- a high loan-to-value ratio for the principal amount of the carryback note, usually due to a small down payment;
- a low interest rate for the risk of loss inherent in the highly leveraged carryback note; and
- a medium-term due date of four to nine years.
Thus, a carryback note provides attractive financing for buyers, and is often employed by the seller to facilitate the sale of property when the buyer does not have or cannot borrow sufficient funds to cash out the seller.
As for the benefits to the seller, carrying back a trust deed note containing profit from the sale produces the deferred tax liability of an installment sale (until the note is paid, sold or hypothecated). [Internal Revenue Code §453]
Taxwise, an above-market price for the real estate and a carryback note with a below-market interest rate and a long-term due date translates, respectively, into:
- greater profit to be reported in the future at lower capital gains rates; and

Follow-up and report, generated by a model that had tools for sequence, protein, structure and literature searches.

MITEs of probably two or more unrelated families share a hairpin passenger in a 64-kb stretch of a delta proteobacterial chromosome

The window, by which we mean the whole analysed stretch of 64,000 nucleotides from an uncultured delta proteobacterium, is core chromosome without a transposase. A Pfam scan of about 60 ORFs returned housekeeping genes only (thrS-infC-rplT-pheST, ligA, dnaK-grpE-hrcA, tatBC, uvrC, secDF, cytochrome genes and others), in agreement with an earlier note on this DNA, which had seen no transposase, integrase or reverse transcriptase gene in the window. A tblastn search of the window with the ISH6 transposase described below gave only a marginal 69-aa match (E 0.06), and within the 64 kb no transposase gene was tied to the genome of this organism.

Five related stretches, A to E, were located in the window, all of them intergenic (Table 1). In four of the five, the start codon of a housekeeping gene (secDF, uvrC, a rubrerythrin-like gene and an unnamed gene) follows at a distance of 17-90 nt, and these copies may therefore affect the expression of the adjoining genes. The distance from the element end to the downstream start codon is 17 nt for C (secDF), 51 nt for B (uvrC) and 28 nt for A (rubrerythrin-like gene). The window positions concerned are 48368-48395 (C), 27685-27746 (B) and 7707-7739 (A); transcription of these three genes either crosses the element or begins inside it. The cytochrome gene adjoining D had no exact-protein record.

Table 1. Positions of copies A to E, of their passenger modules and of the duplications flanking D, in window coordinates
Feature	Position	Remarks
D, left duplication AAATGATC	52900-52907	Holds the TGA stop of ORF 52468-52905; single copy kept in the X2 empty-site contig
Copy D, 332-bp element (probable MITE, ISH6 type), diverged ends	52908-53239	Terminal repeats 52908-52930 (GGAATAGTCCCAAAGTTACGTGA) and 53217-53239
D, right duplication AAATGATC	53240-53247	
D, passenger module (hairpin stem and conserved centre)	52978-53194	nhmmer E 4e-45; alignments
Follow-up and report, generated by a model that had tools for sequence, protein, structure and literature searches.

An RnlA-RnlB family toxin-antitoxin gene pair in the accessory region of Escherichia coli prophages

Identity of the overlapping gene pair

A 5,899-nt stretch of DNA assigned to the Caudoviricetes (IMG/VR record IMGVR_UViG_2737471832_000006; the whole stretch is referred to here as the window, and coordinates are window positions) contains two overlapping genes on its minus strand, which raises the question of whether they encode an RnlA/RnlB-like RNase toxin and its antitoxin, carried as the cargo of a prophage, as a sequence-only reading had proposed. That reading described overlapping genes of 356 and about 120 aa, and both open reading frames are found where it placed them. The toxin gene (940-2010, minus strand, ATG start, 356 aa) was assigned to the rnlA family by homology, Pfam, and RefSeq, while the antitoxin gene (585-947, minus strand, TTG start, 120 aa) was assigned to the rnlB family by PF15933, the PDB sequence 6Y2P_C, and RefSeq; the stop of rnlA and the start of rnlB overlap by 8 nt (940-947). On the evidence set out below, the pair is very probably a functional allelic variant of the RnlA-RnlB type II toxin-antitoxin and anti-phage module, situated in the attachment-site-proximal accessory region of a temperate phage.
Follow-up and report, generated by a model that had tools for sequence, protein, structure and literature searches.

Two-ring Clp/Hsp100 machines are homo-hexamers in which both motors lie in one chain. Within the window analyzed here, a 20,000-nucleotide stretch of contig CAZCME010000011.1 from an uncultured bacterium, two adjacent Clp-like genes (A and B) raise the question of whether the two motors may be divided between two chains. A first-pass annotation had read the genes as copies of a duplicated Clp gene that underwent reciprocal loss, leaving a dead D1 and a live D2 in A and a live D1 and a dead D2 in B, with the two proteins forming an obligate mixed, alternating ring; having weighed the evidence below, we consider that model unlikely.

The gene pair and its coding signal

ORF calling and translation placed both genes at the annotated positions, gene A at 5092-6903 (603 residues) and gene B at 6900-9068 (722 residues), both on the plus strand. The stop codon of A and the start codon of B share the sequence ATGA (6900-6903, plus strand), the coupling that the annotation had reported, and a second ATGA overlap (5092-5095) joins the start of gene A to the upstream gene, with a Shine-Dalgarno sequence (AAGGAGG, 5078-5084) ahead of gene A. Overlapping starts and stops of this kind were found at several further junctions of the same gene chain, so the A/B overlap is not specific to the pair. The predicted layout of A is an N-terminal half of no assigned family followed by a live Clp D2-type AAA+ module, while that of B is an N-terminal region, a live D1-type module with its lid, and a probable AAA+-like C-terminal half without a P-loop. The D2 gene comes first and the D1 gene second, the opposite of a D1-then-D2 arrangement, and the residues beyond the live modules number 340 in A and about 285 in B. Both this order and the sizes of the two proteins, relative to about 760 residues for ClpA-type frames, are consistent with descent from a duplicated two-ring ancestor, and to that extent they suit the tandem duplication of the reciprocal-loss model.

- lesser interest to be reported now at higher standard income tax rates.
The savings experienced by deferring the tax liability on a larger profit compensates financially for accepting a below-market interest rate which is taxed at higher standard rates.
Editor’s note — The note rate and principal amount of the note are subject to reallocation under the imputed reporting rules based on the Applicable Federal Rate in effect on the date the purchase agreement is accepted.
However, structuring carryback terms to boost the sales price of the real estate (maximizing profits), defer tax liability on the profit (installment sales treatment), and create interest income has drawbacks in the marketplace for the carryback seller – if the note must be sold or hypothecated.